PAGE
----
A TNLC cell of thickness L without any externally applied field can be modeled as a stack of infinitely thin waveplates, which are gradually twisted from one to the next. With a total twist angle of α, and assuming strong anchoring, the twist distribution with propagation is linear, ϕ(z) = αz/L, where z is the axis normal to the cell.23 For positively uniaxial nematic liquid crystals with extraordinary and ordinary refractive indices ne and no, respectively, we can define the parameter Γ = 2π(neno)L/λ (λ is the wavelength of the incident light), which corresponds to the total phase retardation for a zero-twist cell. The Jones matrix describing the TNLC configuration, shown in Fig. 1(a), can be modeled as a stack of N thin waveplates, each possessing a phase retardation of Γ/N; the nth waveplate is rotated to be at an angle of /N. By matrix multiplication, the total Jones matrix T0(α, Γ) is
T0(α,Γ)=n=1NR(nα/N)W0(Γ/N)R(nα/N)=R(α){W0(Γ/N)R(α/N)}N,
(1)
where
W0(Γ)=eiΓ200eiΓ2,
(2)
and the rotation matrix R(·) is
R()=cos()sin()sin()cos().
(3)
The closed form of Eq. (1) in the limit as N → ∞ simplifies to23,24
T0(α,Γ)=R(α)cosXiΓ2XsinXαXsinXαXsinXcosX+iΓ2XsinXR(α)M0(α,Γ),
(4)
with X=α2+(Γ/2)2. For the case where the fast axes of the front and back layers are aligned at angles ϕf and ϕb, respectively, the general twisted matrix, after setting α = ϕbϕf, becomes
Tϕf(α,Γ)=R(ϕf)R(ϕfϕb)M0(α,Γ)R(ϕf)=R(α)Mϕf(α,Γ),
(5)
with Mϕf(α,Γ)=R(ϕf)M0(α,Γ)R(ϕf).
FIG. 1.

Twisted nematic liquid-crystal cells. (a) Illustration of liquid crystals twisting between two glass plates, uniformly aligned at 0° and α for the front and back layers, respectively, spaced apart by a distance of L. The action of this configuration is shown on the Poincaré sphere on a horizontally polarized input state (black dot) for varying twist angles α between −π/2 and +π/2, with a birefringence of (b) Γ = π and (c) Γ = 1001π in the adiabatic following regime.

FIG. 1.

Twisted nematic liquid-crystal cells. (a) Illustration of liquid crystals twisting between two glass plates, uniformly aligned at 0° and α for the front and back layers, respectively, spaced apart by a distance of L. The action of this configuration is shown on the Poincaré sphere on a horizontally polarized input state (black dot) for varying twist angles α between −π/2 and +π/2, with a birefringence of (b) Γ = π and (c) Γ = 1001π in the adiabatic following regime.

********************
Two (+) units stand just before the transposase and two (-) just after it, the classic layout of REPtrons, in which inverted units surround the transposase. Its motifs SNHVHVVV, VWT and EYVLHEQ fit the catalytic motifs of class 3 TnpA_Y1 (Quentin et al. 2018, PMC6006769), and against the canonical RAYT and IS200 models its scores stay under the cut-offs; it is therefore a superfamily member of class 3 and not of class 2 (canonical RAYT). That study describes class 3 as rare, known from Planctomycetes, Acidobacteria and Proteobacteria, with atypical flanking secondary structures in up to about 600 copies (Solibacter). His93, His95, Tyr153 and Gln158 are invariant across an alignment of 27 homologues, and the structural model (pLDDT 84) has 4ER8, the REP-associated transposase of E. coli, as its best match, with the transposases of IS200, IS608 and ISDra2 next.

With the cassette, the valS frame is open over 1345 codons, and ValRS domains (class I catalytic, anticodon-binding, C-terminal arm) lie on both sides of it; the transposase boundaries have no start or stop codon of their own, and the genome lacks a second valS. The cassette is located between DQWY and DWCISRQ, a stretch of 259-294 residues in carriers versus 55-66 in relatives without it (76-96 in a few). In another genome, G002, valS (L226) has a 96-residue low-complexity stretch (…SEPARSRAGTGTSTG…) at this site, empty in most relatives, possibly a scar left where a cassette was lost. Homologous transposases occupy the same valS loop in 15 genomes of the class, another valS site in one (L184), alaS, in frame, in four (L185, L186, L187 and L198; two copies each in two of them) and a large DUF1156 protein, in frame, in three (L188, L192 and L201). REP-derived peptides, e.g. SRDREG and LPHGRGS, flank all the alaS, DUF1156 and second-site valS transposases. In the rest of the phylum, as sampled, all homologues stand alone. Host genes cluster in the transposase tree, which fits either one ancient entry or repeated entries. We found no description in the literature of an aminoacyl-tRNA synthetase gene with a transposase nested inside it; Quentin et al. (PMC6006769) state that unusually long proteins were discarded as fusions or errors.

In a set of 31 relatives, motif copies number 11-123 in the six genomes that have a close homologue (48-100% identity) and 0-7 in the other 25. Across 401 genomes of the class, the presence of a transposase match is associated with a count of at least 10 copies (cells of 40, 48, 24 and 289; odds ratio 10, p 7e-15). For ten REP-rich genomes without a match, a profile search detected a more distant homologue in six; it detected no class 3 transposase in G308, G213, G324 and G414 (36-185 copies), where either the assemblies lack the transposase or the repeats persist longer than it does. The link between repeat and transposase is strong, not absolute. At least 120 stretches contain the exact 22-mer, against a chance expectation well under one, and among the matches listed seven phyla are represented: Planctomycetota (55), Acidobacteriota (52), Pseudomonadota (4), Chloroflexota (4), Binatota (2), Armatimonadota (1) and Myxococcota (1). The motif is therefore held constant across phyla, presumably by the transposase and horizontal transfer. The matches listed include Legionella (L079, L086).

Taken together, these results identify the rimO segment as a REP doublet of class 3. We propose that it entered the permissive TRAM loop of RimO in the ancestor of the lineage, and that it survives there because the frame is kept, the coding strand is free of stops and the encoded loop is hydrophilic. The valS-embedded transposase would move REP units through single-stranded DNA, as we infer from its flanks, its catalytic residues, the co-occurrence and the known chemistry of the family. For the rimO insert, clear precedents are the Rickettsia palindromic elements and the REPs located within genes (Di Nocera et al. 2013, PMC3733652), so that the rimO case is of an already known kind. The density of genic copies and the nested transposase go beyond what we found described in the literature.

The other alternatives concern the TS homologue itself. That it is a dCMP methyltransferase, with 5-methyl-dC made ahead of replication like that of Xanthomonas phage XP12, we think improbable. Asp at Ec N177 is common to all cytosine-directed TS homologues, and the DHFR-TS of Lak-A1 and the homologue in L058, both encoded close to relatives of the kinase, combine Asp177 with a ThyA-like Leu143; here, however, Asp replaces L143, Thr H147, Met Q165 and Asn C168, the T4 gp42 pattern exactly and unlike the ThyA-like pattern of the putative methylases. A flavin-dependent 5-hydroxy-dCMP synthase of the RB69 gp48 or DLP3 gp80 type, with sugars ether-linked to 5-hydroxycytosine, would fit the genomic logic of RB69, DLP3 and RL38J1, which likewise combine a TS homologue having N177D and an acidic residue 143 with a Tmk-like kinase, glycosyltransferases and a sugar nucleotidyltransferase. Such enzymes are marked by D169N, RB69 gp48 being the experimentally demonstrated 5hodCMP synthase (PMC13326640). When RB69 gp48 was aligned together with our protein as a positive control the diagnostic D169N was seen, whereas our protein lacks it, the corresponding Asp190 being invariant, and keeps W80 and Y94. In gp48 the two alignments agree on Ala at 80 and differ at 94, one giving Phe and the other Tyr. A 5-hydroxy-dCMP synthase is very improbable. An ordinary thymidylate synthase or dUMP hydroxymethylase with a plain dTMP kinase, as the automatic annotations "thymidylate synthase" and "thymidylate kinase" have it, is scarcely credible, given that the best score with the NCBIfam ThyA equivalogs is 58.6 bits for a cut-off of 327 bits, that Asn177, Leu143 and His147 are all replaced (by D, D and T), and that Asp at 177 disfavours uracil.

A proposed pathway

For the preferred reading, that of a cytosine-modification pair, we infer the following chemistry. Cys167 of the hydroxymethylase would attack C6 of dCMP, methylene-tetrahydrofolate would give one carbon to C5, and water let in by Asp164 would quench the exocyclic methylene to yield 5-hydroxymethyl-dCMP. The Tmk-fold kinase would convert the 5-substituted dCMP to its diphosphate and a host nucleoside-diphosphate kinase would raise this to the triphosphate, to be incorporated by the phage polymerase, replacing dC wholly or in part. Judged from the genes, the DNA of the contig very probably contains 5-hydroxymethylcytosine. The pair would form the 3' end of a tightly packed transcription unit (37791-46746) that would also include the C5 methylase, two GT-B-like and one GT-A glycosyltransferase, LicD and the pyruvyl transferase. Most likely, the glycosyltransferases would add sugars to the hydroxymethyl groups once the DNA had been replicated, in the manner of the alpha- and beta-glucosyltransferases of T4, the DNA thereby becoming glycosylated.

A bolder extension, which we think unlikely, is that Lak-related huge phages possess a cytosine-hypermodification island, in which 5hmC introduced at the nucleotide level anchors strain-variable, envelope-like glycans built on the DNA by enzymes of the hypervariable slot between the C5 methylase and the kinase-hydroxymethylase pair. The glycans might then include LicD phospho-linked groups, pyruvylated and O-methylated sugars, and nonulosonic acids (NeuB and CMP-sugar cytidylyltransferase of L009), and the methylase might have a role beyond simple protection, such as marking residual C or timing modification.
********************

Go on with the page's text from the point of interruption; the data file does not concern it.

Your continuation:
Close modal

The optical action associated with Eq. (3) can be conveniently visualized on the Poincaré sphere (PS). We recall that the positive (negative) points of the three principal axes Ŝ1, Ŝ2, and Ŝ3 on the PS correspond to horizontal (vertical), diagonal (anti-diagonal), and right-hand circular (left-hand circular) polarization states. Figure 1(b) demonstrates the action of a TNLC cell on a horizontally polarized input for twist angles between −π/2 and π/2 and a global phase retardation of Γ = π. In this case, the output is always elliptical, wherein the handedness is determined by the sign of α.

Remarkably, if Γ ≫ α, then M0(α, Γ) simplifies to a waveplate W0(Γ) with its fast axis along the horizontal, and Eq. (5) becomes
Tϕf(α,Γ)R(α)Wϕf(Γ),
(6)
where Wϕf(Γ)=R(ϕf)W0(Γ)R(ϕf) is a typical waveplate of retardance Γ, with fast axis oriented at ϕf. Consequently, an input beam that is linearly polarized either parallel or orthogonal to ϕf will be rotated by α in the counterclockwise direction. This is referred to as adiabatic following or the Mauguin limit. Figure 1(c) demonstrates this behavior for a horizontally polarized input state for a range of twist angles, wherein the output states are calculated via Eq. (3) with Γ = 1001π. The horizontal input—parallel to the input alignment layer—is rotated by α toward other linear states along the equator of the PS.
Furthermore, the effective phase retardation is defined modulo 2π [see Eq. (5)]. Accordingly, Eq. (6) simplifies further for two cases: Γ (mod 2π) = 0 and Γ (mod 2π) = π. For Γ (mod 2π) = 0, Wϕf(0) reduces to the identity matrix, leaving
Tϕf(α,0)=cosαsinαsinαcosα.
(7)
The left-handed (L) and right-handed (R) circular polarizations are rotation-invariant states (up to a global phase), so explicitly acting this on the circular basis yields {|L⟩, |R⟩} → {e|L⟩, e|R⟩}, where we have adopted the bra–ket notation to denote the complex polarization spinor. For the case where Γ (mod 2π) = π, Eq. (6) simplifies to